Every child going through our school system deserves a supportive environment in which to learn, but, for many, school doesn’t feel like a safe place.

Bullying is a threat to the positive development of children and youth around the world, and can cause anxiety, depression and social exclusion. For some, these feelings remain throughout adulthood. Bullying also has negative effects on academic motivation and achievement, and the link to youth suicide cannot be ignored.

While internationally around one in 10 children are bullied, in New Zealand this is closer to one in five (see TIMSS report, 2011).

These statistics have not improved over the last decade despite different approaches, programmes, policies and guidelines. We have a serious problem and it needs to be addressed with urgency.

From Finland with kindness

KiVa (meaning ‘kind’ or ‘nice’ in Finnish) is a bullying prevention programme developed at the University of Turku in Finland, and now established in many schools around the world.

Created after decades of research into bullying, bullying mechanisms and the role of the bystander, KiVa was rigorously trialled and evaluated before implementation, and since 2009 the proportion of students bullying others has been halved in KiVa schools.

Research continues in a growing number of countries reporting a steady decline in bullying incidents over time. In New Zealand, where one fifth of students self-report they are regularly bullied (reflecting international statistics), KiVa is bringing about improvement for hundreds of our own students.

Essentially KiVa is a whole-school approach with three main components:

  • Prevention – classroom lessons.
  • Intervention – a process for dealing with bullying incidents.
  • Monitoring – including annual student surveys.

These elements, together with teacher training and school commitment, form a successful framework.

New Zealand evidence

Three different electronic surveys were sent to
New Zealand KiVa schools: for the principal, KiVa team and teachers. KiVa schools represent a range of communities with implementation between six to 22 months.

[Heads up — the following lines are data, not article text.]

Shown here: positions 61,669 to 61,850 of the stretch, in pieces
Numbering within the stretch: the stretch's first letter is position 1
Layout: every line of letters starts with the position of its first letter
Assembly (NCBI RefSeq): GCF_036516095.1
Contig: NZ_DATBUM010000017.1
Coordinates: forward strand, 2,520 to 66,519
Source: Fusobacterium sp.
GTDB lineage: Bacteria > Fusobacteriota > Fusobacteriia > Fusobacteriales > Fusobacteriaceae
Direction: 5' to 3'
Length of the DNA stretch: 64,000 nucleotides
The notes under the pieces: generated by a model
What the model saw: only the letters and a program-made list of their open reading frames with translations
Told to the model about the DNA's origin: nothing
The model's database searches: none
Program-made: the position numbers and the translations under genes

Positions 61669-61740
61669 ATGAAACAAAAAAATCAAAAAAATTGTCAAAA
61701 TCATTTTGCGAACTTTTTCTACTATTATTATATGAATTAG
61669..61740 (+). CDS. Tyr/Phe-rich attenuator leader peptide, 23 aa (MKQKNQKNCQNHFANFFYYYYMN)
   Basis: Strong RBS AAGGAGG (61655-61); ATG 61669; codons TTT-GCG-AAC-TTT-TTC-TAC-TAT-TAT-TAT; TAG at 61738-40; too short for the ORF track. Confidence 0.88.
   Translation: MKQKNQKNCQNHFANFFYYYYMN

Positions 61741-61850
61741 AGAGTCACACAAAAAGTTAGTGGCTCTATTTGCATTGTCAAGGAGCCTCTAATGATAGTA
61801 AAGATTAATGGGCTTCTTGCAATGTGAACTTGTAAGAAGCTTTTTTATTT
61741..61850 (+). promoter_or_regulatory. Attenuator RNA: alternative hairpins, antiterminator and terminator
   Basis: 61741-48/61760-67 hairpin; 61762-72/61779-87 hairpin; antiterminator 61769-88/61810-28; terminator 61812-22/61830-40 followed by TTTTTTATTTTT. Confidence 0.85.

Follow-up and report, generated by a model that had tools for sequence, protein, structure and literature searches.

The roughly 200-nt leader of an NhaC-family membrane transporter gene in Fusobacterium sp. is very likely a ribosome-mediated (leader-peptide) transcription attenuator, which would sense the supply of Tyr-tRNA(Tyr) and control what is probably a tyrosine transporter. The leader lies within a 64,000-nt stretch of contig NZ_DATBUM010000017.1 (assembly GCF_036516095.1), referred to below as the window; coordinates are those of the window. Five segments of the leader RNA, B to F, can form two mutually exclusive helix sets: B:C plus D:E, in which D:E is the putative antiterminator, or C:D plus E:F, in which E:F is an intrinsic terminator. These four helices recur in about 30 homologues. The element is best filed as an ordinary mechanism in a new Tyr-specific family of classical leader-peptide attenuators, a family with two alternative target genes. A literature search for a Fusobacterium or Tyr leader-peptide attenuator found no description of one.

Principals are responsible for health and safety of their students and monitoring their situation. KiVa supports this through annual student survey reports.

When questioned, principals expressed their hopes of KiVa:

  • Clear consistent definition/process.
  • Positive attitude/relationship changes.
  • Children speaking out.
  • Reducing/preventing incidents.
  • Student/bystander strategies.
  • Demonstrating issues are taken seriously.

Responses from principals were positive, with most saying they were ‘on the way’ to realising their hopes. One principal reported a recent parent evening had the biggest ever turnout of parents.

Significantly, all but one principal reported they were spending less time dealing with bullying incidents than before KiVa.

This account addresses a number of desired outcomes:

Last year at [our] school the staff struggled with many of our students and parents frequently misusing the terms ‘bully’ and ‘victim of bullying’. Trying to sort out these incidents was frustrating, time-consuming and often difficult to ‘get to the bottom of’. When we implemented the KiVa method of dealing with alleged bullying, life at school got so much easier. KiVa has been a wonderful way in which to educate parents about what is and what isn’t bullying too.

Progress was also confirmed by responses from KiVa team members and individual teachers.

The KiVa team

The KiVa team in each school is responsible for dealing with bullying incidents. They are trained and provided with concrete, comprehensive, research-based tools to tackle referred cases.

The impact of classroom lessons is evident. As a baseline the team reported receiving between zero and 20 referrals in a term (mostly between seven and 20). By September 2016 it had dropped to between zero and nine, with most receiving zero.

There were several positive references to the process used by the team:

I really like the way there is a set process to follow so all cases are treated in the same way.